MOST patients at the Cumberland Infirmary in Carlisle don’t want to talk about their physical injury or illness, but about problems that affect their mental health.

Imam Abdur Rashid – who has joined the hospital’s chaplaincy team, the first Imam to do so – revealed that while many people can cope with the visible, physical problems, it is the hidden issues that leave no scar that he is often asked to help with.

“Often patients are not down about their illness. They are down about something happening in their life. Physical trauma is not the same as mental trauma. The thing is that mental trauma is not visible,” he said.

“If I break my leg you wouldn’t ask me to race to the car. Maybe I have a broken heart, but I still have to get on with life, the world is still spinning, and you have got to get on with it. The wound is invisible, but it is still there. A broken leg is a broken leg, but a broken heart...”

Muslim Rashid, who was born and brought up in Carlisle, revealed that the chaplaincy team aren’t just there for the patients either.

Not only do relatives of patients often need someone to talk to, but hospital staff – who have to deal with accidents and illness constantly – also receive assistance from the chaplaincy team.

“You are a pastoral figure that someone can reach out to – staff, relatives and patients. It is not only when they have a problem, it is more being a friend,” he said.

Rashid said that being the hospital team’s first Imam is a challenge, but being from the area is helping him in his new role. And the job doesn’t involve preaching to people on the hospital site, it is about supporting them when they are in need.

“Spiritually it is a challenge. The majority of people in the wards have never met a chaplain dressed like this. Their image of a chaplain is someone wearing a white collar,” he said.

“I have never met a single Muslim patient in hospital. But the most beautiful feeling is when I have been able to dispel the invisible veil between the non Muslim and myself. Language and culture have helped. I have the same background, football and rugby and school. I am not out there to help Muslims alone.”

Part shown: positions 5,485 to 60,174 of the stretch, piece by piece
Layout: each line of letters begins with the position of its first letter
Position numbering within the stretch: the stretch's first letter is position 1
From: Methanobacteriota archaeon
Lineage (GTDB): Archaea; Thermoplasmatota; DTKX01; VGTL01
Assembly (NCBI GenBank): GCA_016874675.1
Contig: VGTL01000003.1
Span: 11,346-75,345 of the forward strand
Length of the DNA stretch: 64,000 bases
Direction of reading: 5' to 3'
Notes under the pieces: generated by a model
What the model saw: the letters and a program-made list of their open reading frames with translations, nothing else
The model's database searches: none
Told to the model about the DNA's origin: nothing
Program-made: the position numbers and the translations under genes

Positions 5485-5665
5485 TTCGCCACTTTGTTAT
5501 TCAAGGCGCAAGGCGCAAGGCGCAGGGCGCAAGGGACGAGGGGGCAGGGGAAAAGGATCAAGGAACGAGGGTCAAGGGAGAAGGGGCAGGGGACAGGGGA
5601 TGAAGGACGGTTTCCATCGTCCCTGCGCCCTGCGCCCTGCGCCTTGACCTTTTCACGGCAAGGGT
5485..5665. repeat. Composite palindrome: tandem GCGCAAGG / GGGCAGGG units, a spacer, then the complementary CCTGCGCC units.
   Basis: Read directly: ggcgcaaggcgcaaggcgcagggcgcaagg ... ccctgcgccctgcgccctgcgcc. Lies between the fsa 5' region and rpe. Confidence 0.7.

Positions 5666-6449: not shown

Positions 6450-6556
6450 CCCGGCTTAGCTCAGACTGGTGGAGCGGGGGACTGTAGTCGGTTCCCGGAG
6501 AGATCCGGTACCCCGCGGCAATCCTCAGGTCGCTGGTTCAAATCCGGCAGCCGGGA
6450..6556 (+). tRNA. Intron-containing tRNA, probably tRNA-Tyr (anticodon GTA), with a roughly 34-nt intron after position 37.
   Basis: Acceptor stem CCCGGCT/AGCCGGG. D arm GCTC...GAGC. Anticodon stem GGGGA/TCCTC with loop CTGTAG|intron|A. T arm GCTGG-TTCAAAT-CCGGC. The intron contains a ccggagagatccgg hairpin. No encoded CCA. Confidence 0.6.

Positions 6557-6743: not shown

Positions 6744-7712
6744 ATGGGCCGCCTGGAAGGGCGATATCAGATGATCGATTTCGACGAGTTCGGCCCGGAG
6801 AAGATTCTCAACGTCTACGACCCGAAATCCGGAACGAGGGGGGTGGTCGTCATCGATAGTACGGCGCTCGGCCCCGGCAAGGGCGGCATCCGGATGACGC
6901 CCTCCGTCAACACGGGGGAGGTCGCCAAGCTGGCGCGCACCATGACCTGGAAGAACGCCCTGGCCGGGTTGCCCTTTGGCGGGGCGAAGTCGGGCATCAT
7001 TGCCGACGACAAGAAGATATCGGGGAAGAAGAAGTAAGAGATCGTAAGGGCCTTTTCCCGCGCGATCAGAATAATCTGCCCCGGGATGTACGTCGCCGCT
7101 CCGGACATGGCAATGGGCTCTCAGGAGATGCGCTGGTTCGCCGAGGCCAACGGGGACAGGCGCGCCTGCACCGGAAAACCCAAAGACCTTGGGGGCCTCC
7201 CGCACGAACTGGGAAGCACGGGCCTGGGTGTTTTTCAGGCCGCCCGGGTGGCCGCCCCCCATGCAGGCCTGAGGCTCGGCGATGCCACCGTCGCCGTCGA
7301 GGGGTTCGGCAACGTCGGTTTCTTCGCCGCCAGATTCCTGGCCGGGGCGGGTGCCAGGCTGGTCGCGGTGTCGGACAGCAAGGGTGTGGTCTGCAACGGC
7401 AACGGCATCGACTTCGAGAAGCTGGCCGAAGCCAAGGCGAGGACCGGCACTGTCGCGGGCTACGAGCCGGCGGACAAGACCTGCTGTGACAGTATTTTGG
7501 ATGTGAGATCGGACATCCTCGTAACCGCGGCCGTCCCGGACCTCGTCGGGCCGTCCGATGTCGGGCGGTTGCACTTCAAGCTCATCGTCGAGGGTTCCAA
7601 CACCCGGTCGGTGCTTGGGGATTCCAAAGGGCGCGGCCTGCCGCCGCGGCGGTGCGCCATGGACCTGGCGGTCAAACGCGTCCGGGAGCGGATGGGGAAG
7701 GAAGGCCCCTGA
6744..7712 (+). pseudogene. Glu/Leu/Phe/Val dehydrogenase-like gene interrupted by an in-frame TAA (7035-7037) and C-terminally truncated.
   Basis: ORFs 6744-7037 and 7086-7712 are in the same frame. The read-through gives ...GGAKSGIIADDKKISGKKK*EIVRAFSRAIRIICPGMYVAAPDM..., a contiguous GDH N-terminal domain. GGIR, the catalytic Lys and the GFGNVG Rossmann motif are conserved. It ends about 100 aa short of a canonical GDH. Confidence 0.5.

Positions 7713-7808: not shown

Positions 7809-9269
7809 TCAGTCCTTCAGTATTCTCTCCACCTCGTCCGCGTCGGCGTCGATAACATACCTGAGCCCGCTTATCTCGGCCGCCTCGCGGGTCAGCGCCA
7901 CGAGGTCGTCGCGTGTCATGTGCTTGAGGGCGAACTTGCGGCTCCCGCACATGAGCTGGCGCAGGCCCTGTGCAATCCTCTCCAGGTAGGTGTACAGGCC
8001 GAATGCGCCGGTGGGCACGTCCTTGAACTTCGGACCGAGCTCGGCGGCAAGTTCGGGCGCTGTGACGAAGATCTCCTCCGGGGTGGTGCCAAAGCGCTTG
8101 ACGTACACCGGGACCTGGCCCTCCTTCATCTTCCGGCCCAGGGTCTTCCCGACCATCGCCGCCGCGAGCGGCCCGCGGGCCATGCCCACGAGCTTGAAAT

Rashid got married last year – his wife is called Rashida and is from London. She teaches at the mosque in Carlisle, as does Rashid, and they are both part of the chaplaincy team at the hospital.

In his role at the Cumberland Infirmary, Rashid joins a team of religious leaders from other faiths, but he says they have much in common.

“Religions have a common enemy now. The common enemy is probably chaos, or materialism. Society has been corrupted with a more materialistic lifestyle where it is all about shopping, bingeing, and how much can be spent over the weekend.

“All the religions share the goal of helping people and they have to come together for that.”

Rashid was born and brought up in Carlisle, attending Stanwix School and then Trinity School, where he enjoyed playing football and rugby.

“At the end of year nine I decided to pursue a more religious academic route of studies. I left and went to a private school in London and staying with my auntie and her family down there for two years. I wanted to learn who I am,” he said.

After his GCSE studies Rashid went to study in Dewsbury, in Yorkshire, where he spent eight years. In his first year he memorised the entire Koran, all 6,500 verses, and can recite it word for word.

After 10 years living away from Carlisle, he returned back to the place of his birth on the train.

“I went to the mosque first from the train station – it is just down the road – and before I left the mosque they gave me the keys to the mosque. I had been given the keys to the mosque before the keys to my own house,” he said.

“The Imam in Islam is just the person who leads the prayer. It doesn’t necessarily mean he is the cream of the crop, although ideally he should be. There is no such thing as being ordained. I didn’t take a course to be an Imam. I took a course to be a scholar.”

That was over three years ago, and now, in addition to being the Imam, Rashid also has his role at the Cumberland Infirmary.

He also takes part in interfaith meetings with other religious leaders in the Carlisle area, and has shown parties around the mosque.

Asked what message he would send to people. Rashid said: “The message I would like to give to anybody would be – try to be open to discussion, and try and to see things from another person’s lens.

“Any time we chat to somebody, think that that person knows something we don’t. If that is our attitude we will develop as humans, because we have to be able to co-exist.”